Sri Lankan authorities on Monday discovered a facility believed to be used as a training centre by the suicide bombers prior to the terror attacks on churches and luxury hotels on the Easter Sunday that killed more than 250 people.
Nine suicide bombers carried out a series of devastating blasts that tore through three churches and three luxury hotels on the Easter Sunday. The Islamic State claimed the attacks, but the government blamed local Islamist extremist group National Thawheed Jammath (NTJ) for the attacks.
The two-storey building was discovered in the Blackpool area in Nuwara Eliya. Details of this facility had surfaced during questioning of some suspects who were arrested in connection with the NTJ in Sainthamaruthu, Kalmunai, the Times Online reported.
"It is believed that 38 members of the NTJ group including suicide bomber Zahran had received training at this facility prior to the recent terror attacks," it said.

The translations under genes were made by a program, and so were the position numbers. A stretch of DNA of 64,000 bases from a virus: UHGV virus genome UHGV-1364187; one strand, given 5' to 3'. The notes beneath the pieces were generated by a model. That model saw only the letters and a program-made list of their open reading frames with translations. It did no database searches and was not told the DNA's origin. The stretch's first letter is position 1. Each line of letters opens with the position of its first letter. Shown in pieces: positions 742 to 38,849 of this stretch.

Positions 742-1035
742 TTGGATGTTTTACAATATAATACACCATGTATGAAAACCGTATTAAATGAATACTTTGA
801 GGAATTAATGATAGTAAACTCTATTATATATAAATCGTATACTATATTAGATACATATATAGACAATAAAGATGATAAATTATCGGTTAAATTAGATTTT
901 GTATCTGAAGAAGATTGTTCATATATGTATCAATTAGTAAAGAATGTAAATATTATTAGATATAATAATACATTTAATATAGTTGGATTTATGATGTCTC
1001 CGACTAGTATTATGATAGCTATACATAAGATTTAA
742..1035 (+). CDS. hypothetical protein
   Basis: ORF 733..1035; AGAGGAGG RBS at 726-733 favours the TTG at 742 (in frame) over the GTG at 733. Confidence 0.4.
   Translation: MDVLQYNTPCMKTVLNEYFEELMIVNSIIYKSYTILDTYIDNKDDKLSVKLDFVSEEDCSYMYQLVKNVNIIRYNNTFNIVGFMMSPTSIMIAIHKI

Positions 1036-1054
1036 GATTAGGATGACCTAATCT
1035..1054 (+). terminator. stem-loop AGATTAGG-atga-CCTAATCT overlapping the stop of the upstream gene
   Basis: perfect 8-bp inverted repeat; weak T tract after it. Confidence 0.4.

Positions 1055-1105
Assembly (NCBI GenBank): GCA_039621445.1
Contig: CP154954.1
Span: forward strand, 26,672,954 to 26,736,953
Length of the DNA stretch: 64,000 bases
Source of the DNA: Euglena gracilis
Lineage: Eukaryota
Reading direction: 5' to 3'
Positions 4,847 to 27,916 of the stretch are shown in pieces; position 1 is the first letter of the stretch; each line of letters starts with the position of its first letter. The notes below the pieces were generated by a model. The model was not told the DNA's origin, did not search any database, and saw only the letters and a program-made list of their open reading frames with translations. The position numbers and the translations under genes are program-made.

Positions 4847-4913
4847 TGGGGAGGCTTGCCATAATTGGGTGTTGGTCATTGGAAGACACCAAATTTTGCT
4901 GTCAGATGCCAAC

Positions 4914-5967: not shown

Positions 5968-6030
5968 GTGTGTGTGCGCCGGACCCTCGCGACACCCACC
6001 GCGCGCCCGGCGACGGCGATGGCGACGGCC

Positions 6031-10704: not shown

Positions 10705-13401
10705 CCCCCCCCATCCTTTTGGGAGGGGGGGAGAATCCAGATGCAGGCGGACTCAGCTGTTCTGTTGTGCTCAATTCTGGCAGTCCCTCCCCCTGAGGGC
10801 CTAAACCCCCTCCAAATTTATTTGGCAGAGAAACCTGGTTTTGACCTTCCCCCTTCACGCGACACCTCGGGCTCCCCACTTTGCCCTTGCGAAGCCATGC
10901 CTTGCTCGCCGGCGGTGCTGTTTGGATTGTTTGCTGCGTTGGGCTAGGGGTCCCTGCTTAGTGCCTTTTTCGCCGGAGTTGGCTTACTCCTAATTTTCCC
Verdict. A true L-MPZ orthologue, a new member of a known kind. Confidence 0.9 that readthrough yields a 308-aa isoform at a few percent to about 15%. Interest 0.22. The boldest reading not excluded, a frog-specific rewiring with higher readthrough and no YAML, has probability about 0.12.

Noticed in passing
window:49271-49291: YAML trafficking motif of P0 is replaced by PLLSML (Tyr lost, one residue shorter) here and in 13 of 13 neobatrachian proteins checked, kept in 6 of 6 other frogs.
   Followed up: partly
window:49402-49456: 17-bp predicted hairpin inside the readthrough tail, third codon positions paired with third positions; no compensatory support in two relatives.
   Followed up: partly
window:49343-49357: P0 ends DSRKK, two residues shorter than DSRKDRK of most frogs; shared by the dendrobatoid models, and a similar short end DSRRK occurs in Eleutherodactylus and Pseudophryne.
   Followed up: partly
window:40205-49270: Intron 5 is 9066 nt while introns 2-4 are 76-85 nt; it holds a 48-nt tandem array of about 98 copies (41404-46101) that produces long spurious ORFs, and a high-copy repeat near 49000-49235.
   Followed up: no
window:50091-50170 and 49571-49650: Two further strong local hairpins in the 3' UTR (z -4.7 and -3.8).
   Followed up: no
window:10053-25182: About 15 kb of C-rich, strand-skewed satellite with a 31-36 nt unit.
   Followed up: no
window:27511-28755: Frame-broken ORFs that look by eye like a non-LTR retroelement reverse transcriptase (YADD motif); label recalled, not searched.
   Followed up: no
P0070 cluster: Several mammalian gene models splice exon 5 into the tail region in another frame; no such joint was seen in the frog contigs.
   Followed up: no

Zahran, the mastermind behind the Easter blasts, led the attack on the Shangri-La hotel and was accompanied by a second bomber identified as Ilham Ahmed Ibrahim. He was killed inside the hotel where he blew himself up.
The training centre had been set-up in the building that had been on rent.
Police have arrested the owner of the house and two other individuals who had allegedly provided accommodation facilities at the building.
The NTJ has no history of large-scale attacks. The group came to prominence last year when it was blamed for damaging Buddhist statues.
All suicide bombers involved in the blasts are believed to be Sri Lankan nationals.
In a statement issued through its propaganda 'Amaq' news agency two days after the attacks, the ISIS identified the attackers as Abu Ubayda, Abu al-Mukhtar, Abu Khalil, Abu Hamza, Abu al-Bara'a, Abu Muhammad and Abu Abdullah.
The move to ban the outfits came after the Lankan Parliament adopted a newly-enforced emergency regulation on Wednesday following a series of eight coordinated blasts, which ripped through three churches and three high-end hotels frequented by tourists on April 19 in the country's deadliest violence since the devastating civil war ended in 2009.